• Economic inequality means that the shrinking share of compensation paid out in wages, salaries, bonuses, and benefits has been dramatically skewed toward the top of the earnings scale, with much less (both proportionately and absolutely) going to those at the middle and bottom. [5]
  • Increased wealth doesn’t mean increased consumer spending by the top 20% sufficient to offset lost demand (spending) by the lower 80% of income earners, other than as reflected by consumer debt.
  • Instead, increased wealth at the top end is turned into “rentable” assets — e.g., real estate. intellectual property, and privatized holdings in what used to be the “commons” — which both drives up their value (cost) and the rent derived from them. This creates a “rentier” culture in which lower income earners are increasingly stressed to meet rental rates, and ultimately are driven out of certain markets.
  • Inequality has also created a new working class system, in which a large share of workers are in precarious/uncertain/unsustainable employment and earning circumstances.
  • Inequality has also resulted in limitations on economic opportunity and social mobility — e.g., there is a new kind of “glass floor/glass ceiling” below which the top 20% are unlikely to fall and the bottom 80% are unlikely to rise.
  • In the meantime, the social safety nets that developed during the post-WWII boom (as Buffett’s “rich family” took care of “all its children”) have been largely torn down since the advent of “workfare” in the 80’s and 90’s, leaving those at the bottom and middle more exposed than ever.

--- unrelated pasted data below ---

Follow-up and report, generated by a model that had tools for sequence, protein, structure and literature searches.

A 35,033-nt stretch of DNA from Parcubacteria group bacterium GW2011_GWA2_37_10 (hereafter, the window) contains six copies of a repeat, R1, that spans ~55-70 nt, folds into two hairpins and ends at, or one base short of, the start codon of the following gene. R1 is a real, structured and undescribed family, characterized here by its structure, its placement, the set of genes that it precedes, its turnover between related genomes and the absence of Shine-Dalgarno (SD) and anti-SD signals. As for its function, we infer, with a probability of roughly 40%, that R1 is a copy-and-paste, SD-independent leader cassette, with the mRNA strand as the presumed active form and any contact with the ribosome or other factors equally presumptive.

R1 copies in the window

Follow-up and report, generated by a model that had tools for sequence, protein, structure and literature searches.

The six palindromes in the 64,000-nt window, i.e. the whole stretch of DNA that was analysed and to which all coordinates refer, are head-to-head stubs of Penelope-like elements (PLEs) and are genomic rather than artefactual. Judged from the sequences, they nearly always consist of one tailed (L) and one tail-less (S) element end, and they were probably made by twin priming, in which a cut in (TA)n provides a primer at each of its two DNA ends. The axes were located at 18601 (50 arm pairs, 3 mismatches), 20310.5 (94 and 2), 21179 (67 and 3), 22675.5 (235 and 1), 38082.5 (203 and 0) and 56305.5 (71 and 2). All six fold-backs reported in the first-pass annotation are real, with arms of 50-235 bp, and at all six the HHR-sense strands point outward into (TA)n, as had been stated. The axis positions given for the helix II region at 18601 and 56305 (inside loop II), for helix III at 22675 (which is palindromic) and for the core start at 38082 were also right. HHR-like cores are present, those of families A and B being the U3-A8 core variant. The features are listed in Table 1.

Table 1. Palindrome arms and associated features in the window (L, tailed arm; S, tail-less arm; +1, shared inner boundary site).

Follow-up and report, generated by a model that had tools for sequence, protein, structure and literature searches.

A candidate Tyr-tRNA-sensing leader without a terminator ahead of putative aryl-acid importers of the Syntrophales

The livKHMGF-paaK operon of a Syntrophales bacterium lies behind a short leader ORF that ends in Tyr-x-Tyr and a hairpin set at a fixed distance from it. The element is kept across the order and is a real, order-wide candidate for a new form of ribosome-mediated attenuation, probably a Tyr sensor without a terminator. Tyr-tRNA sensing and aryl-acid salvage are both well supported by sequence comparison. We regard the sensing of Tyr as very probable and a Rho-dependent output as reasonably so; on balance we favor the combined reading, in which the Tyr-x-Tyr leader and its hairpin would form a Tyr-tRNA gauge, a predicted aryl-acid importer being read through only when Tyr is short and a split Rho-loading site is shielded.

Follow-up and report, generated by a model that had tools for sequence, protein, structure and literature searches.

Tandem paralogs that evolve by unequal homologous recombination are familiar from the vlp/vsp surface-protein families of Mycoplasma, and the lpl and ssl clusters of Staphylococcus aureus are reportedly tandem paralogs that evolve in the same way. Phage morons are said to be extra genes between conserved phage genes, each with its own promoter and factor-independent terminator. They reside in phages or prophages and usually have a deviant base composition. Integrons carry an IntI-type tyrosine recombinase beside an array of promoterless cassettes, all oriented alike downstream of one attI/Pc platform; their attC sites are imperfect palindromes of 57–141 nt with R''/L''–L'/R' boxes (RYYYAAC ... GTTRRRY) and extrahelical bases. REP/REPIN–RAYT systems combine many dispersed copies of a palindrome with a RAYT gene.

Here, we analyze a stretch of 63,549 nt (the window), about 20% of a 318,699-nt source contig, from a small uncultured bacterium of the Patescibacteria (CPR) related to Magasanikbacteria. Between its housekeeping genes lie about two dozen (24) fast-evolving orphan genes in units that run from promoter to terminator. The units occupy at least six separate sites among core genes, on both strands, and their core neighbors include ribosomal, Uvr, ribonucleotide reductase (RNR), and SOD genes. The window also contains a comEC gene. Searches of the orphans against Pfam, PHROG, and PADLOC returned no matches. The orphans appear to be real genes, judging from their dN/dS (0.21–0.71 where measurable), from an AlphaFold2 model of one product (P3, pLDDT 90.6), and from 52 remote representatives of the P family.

The editors of Rethinking Capitalism believe that “These failings are not temporary, they are structural.” That conclusion has led some to believe that people like Warren Buffett are seriously misguided in their continued faith in Western capitalism as a reliable societal institution.

More on that next time.


[1] I wondered where the expression “on the fritz” came from, and tried to find out. Surprisingly, no one seems to know.

[2] Michael Jacobs is an environmental economist and political theorist; at the time the book was published, he was a visiting professor at University College of London. Mariana Mazzucato is an economics professor at the University of Sussex.

[3] “In the US, real median household income was barely higher in 2014 than it had been in 1990, though GDP had increased by 78 percent over the same period. Though beginning earlier in the US, this divergence of average incomes from overall economic growth has not become a feature of most advanced economies.”  Rethinking Capitalism.

[4] These have accounted for “half the jobs created since the 1990s and 60 per cent since the 2008 crisis.” Rethinking Capitalism.

[5] Meanwhile, those at the very top of the income distribution have done exceedingly well… In the US, the incomes of the richest 1 percent rose by 142 per cent between 1980 and 2013 (from an average of $461,910, adjusted for inflation, to $1,119,315) and their share of national income doubled, from 10 to 20 per cent. In the first three years of the recovery after the 2008 crash, an extraordinary 91 per cent of the gains in income went to the richest one-hundredth of the population.” Rethinking Capitalism.

 

Kevin Rhodes left a successful long-term law practice to scratch a creative itch and lived to tell about it… barely. Since then, he has been on a mission to bring professional excellence and personal wellbeing to the people who learn, teach, and practice the law. He has also blogged extensively and written several books about his unique journey to wellness, including how he deals with primary progressive MS through an aggressive regime of exercise, diet, and mental conditioning.